While the concept of growing Bonsai plants can seem rather intimidating there are a few keys to help you succeed.
Find a good basic guide to the care of the Bonsai either at the local library, bookstore, or online. To purchase a Bonsai do not go to the garden superstore for a tree. Many of these Bonsai have been sitting on the shelves uncared for and can die fairly quickly. Look for a local Bonsai club and contact them for the best place to make a purchase. You may also be able to find a garden store that specializes in Bonsai. It is also best to choose a Bonsai that is fairly easy to care for so it will boost your confidence.
When you visualize a Bonsai this is usually the tree you see. These plants are very hardy and you can treat them fairly roughly with pruning and they will bounce back. This is a slow growing conifer that prefers full sun to semi-shade that should be fertilized once or twice a month from spring through to fall. Because this tree is fairly slow growing it only needs to be repotted every approximately every three years. Juniper is an excellent beginner plant for people living in the Northern Hemisphere.
The Chinese Elm is another very hardy and forgiving Bonsai tree. It can handle neglect and still manage to bounce back. It can be pruned heavily, watered inconsistently & even planted in poor soil in the container and it will still flourish. In addition they are a fast grower so if you are a bit impatient this might be the best choice.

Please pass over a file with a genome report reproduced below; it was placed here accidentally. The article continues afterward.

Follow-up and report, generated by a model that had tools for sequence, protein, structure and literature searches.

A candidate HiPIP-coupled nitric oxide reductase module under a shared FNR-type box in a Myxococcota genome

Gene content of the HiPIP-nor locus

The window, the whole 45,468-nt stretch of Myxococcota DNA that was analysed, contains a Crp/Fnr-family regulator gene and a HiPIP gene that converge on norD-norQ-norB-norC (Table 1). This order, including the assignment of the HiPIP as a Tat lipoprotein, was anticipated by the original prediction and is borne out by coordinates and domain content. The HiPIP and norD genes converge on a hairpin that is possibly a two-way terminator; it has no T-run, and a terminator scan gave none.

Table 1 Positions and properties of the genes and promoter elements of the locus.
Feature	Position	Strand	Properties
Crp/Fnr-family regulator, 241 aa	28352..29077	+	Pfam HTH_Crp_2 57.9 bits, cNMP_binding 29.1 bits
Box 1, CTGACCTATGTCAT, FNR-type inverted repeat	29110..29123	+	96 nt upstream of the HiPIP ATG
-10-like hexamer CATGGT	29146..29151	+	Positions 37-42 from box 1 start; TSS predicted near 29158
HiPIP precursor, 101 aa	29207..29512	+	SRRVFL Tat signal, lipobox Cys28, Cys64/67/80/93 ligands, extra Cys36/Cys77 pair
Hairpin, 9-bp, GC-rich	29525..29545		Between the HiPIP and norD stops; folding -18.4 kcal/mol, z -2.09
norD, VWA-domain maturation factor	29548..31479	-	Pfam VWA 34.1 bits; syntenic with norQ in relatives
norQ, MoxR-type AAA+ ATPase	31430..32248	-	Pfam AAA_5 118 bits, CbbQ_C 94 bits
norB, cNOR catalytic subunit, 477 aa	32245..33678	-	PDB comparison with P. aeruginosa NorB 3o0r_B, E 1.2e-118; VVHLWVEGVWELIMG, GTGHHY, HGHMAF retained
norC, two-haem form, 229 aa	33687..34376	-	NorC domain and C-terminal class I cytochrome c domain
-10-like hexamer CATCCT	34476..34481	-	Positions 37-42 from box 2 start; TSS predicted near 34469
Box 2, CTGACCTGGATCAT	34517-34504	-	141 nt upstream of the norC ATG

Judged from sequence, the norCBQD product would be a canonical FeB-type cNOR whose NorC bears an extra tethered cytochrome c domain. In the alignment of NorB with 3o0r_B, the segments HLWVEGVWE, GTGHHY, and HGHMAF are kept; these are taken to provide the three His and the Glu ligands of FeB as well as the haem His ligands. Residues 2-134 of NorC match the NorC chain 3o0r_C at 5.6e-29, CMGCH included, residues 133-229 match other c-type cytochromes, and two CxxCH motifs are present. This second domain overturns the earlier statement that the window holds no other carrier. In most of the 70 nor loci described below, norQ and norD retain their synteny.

Ficus are a tropical plant that prefers a tropical climate. However, they too will withstand much abuse and neglect and spring right back. It does well inside under low light and an irregular watering schedule. It is also a fast grower and the branches bend easily for shaping.
While it is a good idea to start with a Juniper, Chinese Elm or Ficus, before moving on to a harder to maintain Bonsai, there are other options if you a little bigger challenge.
The fun aspect of this Bonsai tree is the flowering in mid-winter or spring (depending on your location). They are self-seeding and grow quite rapidly. In addition the branches are malleable and easy to shape.
There are numerous species of Boxwood you might wish to try. The Kingsville Dwarf is a good choice for a beginner. It is slow growing so will require some patience. It does best in partial shade and likes a fertilizer with a 10/15/10 balance.
This Bonsai tree is a little more difficult to grow for a beginner. However if you like a challenge right from the start this might be the plant for you. This deciduous tree prefers full sun or partial shade. This plant will not respond to under watering very well so care must be taken to not let the roots dry out. It should be fertilized only during the growing season.
This is a very elegant looking little tree that is suitable for beginners. It is deciduous with fairly large leaves. In fall the leaf edges will turn red or yellow and fragrant white flowers will appear. Use a water soluble fertilizer and never allow this plant to dry out completely.
All of the Bonsai plants listed above are able to withstand some abuse and neglect. In addition they are all fairly forgiving and will become amazing healthy Bonsai with a little patience and care.
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